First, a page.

Nothing brings out the "hang by the bar" crowd quite like a mid-`90s local phenomenon reunion show. Standing in the back to protect your $5 drink, brittle old bones and Friday night outfit is just fine as long as there's a younger, more excitable contingent in the crowd to fill up those now un-coveted front spots. The younger set never seem to be at these things, however, and whatever schlock ex-band members took a night off from work to reform for a masturbatory set of classic tunes only manage to capture a fraction of their former glory. If you're booking the Riot Fest pre-show, I suppose you could actively recruit a bored/boring audience by having a show with bands whose hey-day audience was comprised of 16-year-olds at a 21-and-over bar.
Chalking that decision up as a subtle nod to the "no outsiders aloud" gene that plagues so much of punk reminiscence today, a capacity crowd ventured to The Double Door last Friday to try to capture some of that youth spirit they sort of remember they had. Guest list and will call problems arose early in the night, causing a line of legitimate ticket holders to form around the block as the Tossers played. I don't think everyone made it inside before they finished, which is a shame; they played well and sounded good (even with all the tin whistles and stuff). The crowd reacted well as they played (what were apparently) crowd favorites with appropriate opening-band gusto. Just as the place started to fill up, they were done.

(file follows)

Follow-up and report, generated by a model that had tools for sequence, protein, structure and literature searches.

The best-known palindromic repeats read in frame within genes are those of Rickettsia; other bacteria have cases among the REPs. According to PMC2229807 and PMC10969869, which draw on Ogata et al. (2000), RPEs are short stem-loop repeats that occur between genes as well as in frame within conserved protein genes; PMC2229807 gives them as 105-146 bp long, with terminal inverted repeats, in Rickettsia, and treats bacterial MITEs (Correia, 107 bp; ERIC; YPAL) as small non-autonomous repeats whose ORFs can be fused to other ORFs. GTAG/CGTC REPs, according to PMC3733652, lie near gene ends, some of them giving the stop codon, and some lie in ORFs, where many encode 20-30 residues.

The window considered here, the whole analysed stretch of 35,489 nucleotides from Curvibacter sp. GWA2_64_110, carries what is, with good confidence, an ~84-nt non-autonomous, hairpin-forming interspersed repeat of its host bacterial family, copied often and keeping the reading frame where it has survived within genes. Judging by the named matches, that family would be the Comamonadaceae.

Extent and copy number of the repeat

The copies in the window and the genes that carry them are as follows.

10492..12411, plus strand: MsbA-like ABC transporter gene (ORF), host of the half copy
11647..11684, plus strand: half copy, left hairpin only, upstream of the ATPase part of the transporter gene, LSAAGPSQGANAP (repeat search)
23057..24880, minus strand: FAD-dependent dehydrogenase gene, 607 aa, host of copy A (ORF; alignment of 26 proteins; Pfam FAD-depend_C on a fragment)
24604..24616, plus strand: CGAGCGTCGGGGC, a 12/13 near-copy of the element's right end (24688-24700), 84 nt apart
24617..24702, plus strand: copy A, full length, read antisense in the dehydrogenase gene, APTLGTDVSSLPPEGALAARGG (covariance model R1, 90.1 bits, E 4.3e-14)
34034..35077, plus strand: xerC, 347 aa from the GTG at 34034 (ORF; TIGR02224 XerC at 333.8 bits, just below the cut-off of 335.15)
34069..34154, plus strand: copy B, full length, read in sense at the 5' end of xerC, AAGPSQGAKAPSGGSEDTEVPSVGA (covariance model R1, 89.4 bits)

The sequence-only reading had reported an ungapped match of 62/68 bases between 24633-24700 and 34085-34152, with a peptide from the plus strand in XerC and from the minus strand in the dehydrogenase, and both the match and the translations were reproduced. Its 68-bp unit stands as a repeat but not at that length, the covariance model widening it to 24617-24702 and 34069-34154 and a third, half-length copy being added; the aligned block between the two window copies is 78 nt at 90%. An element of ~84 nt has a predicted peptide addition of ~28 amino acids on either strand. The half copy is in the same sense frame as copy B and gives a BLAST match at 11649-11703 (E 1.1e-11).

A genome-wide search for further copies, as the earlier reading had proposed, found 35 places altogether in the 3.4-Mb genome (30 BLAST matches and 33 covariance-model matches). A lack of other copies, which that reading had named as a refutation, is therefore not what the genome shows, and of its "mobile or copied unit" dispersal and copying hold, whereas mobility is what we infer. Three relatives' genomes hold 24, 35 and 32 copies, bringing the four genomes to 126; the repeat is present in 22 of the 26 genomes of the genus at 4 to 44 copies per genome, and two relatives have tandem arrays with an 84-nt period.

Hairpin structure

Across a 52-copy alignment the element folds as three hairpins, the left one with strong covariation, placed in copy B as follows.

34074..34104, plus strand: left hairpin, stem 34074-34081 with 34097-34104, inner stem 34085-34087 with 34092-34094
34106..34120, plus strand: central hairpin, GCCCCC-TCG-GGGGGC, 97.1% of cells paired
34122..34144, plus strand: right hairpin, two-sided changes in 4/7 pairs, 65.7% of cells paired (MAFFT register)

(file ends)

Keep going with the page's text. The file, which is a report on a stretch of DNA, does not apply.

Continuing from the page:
Much to everyone's surprise, the Blue Meanies were up next. Revealed as the "special surprise guest" weeks earlier, any one rational person would have assumed that the better-liked, longer-running and once major label-signed band would have played last. Even the Riot Fest people thought so; they were booked to headline the all-day late-`90s wank-fest two days later. That aside, the Blue Meanies stormed out after a mind-numbing 45-minute set break. There was visible shock throughout the audience, who, no doubt, thought that the Bollweevils were coming next. Audiences of this one's median age don't react well to change, and the fanfare that the Blue Meanies had paraded out to at previous reunion shows (uh...) never materialized. They played with precision and energy, hitting most of their career highlights plus "Chemicals," their major label single that I assumed nobody liked (not on the account of elitism, more due to the fact that's it's an atrocious mess of a song). Most notably absent was perennial favorite "Pave the World," but I guess it's not a good idea to play a seven-minute song in a thirty-minute set.
By the time the Bollweevils were to start, a third of the place had cleared out, teaching us two things: (1) The Blue Meanies should have played last, it was expected, and (2) The crowd might have been rabid when they were 16 and the band was playing at 9:00, but now that they're all in their mid-20s and the set starts at midnight; they've probably got other things to do before the night's over. Some of them might even have to get home to their wives. Learned lessons aside, the Bollweevils (eventually) came out and playedâ?¦exactly as you would expect. Daryl's voice sounded good, everyone played their parts right, but the spirit was strangely missing. Chalk it up to a late start and a generally unspectacular set list if you want, I still found myself either staring at the walls or watching someone else stare at the walls until the band wheezed to a halt. I can only imagine that Riot Fest, at its eight-hour scheduled time and all of the discussed bands participating, was a big of a snooze-fest as the "pre-bash."
P.S. I guess Shot Baker played as well; there was a bunch of merch and someone handed me a demo CD as I left. Now THAT is what I remember about Bollweevils-era shows: the free stuff.